COVID-19: England drop most restrictions

England on Thursday left behind almost all of the latest restrictions in place to fight COVID-19, with which the government hopes people will get used to living as they do with the flu.

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This wind of freedom is timely for Prime Minister Boris Johnson, more than ever weakened at the head of the government by the scandal of the parties held in defiance of anti-coronavirus rules in Downing Street.

After ending a week ago the recommendation to work from home for those who could, England is now abandoning other restrictions – among the lightest in Europe – introduced in December in the face of a surge in Omicron case: obligation to wear a mask inside public places and a vaccination passport to attend events with a large audience.

“As COVID becomes endemic, we must replace legal obligations with advice and recommendations,” Boris Johnson told MPs last week.

Opposed to the lifting of the obligation to wear a mask in public transport, the mayor of London, Sadiq Khan, announced that he would maintain this measure in the capital.

“Looks like we’re back in London as before,” rejoiced Elizabeth Hynes, 71, interviewed by AFP near St. Paul’s Cathedral in the heart of the British capital. “We realize how much theater and great shows we missed.”

“Things need to get back to normal,” she adds, explaining that she has melanoma, but never had the coronavirus: “I was lucky, I touch wood”. “We don’t know what tomorrow will be made of”, she underlines, “you have to enjoy life”.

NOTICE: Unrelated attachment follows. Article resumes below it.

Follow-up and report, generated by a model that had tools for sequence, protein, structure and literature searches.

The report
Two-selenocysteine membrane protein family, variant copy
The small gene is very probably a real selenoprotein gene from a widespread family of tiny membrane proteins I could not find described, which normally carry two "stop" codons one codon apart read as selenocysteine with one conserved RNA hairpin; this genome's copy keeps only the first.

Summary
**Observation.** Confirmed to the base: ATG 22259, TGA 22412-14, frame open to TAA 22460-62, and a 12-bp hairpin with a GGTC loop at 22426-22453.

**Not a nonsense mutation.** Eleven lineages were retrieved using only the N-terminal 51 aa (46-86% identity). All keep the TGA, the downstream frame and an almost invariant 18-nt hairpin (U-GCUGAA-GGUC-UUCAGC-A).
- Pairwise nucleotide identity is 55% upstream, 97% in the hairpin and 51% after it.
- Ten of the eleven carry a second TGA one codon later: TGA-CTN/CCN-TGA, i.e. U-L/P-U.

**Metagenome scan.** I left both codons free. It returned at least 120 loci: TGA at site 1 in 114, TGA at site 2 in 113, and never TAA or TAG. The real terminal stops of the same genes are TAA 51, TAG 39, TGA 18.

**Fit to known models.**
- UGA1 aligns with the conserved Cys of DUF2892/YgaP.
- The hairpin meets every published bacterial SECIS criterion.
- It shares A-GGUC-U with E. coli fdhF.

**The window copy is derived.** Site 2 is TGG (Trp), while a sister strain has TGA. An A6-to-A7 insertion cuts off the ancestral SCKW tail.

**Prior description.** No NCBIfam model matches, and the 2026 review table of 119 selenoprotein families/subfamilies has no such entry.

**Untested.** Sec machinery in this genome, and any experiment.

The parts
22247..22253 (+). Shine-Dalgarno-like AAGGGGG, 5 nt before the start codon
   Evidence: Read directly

End of isolation

Lewis Colbyn, a 39-year-old bartender who once had COVID-19 and isn’t worried about catching it again, approaches this new phase with optimism and caution: “I’m not a scientist, I don’t have all the answers”. “Maybe it’s too early, maybe it’s too late, I don’t know,” he continues, saying he will continue to wear a mask in transport and in stores.

More reluctant than the rest of the United Kingdom (Scotland, Wales and Northern Ireland) to establish restrictions, England had, for the first time, lifted them almost entirely on July 19, nicknamed the “day of freedom”.

But the emergence in the fall of Omicron, even more contagious than Delta, led Boris Johnson’s government to launch its “plan B”, despite the opposition of part of its majority.

These measures were intended to strengthen the protection of the population thanks to the recall campaign and to continue to try to convince the recalcitrant to be vaccinated. 37 million booster doses were thus administered, making it possible, underlines the government, to reduce serious cases and hospitalizations and to lessen the pressure on the health system.

According to the latest figures, 64% of the population over the age of 12 received a third dose.

As the number of cases exploded over the holidays, Boris Johnson had resisted calls to further toughen the restrictions in place. He believes the facts proved him right: hospitals held on, the number of patients on ventilators never increased, and cases fell markedly.

However, the United Kingdom, among the countries hardest hit by the pandemic, with nearly 155,000 deaths, still experiences nearly 100,000 new cases recorded daily.

According to a study published by Imperial College London, the level of infection remains high, especially among children and adolescents. Of the 3,500 participants in this large study who tested positive between January 5 and 20, two-thirds had already had the virus before.

The Prime Minister even hopes to be able to lift, in March, the obligation to isolate themselves in the event of a positive test, “just as there is no legal obligation for people who have the flu to isolate themselves”.

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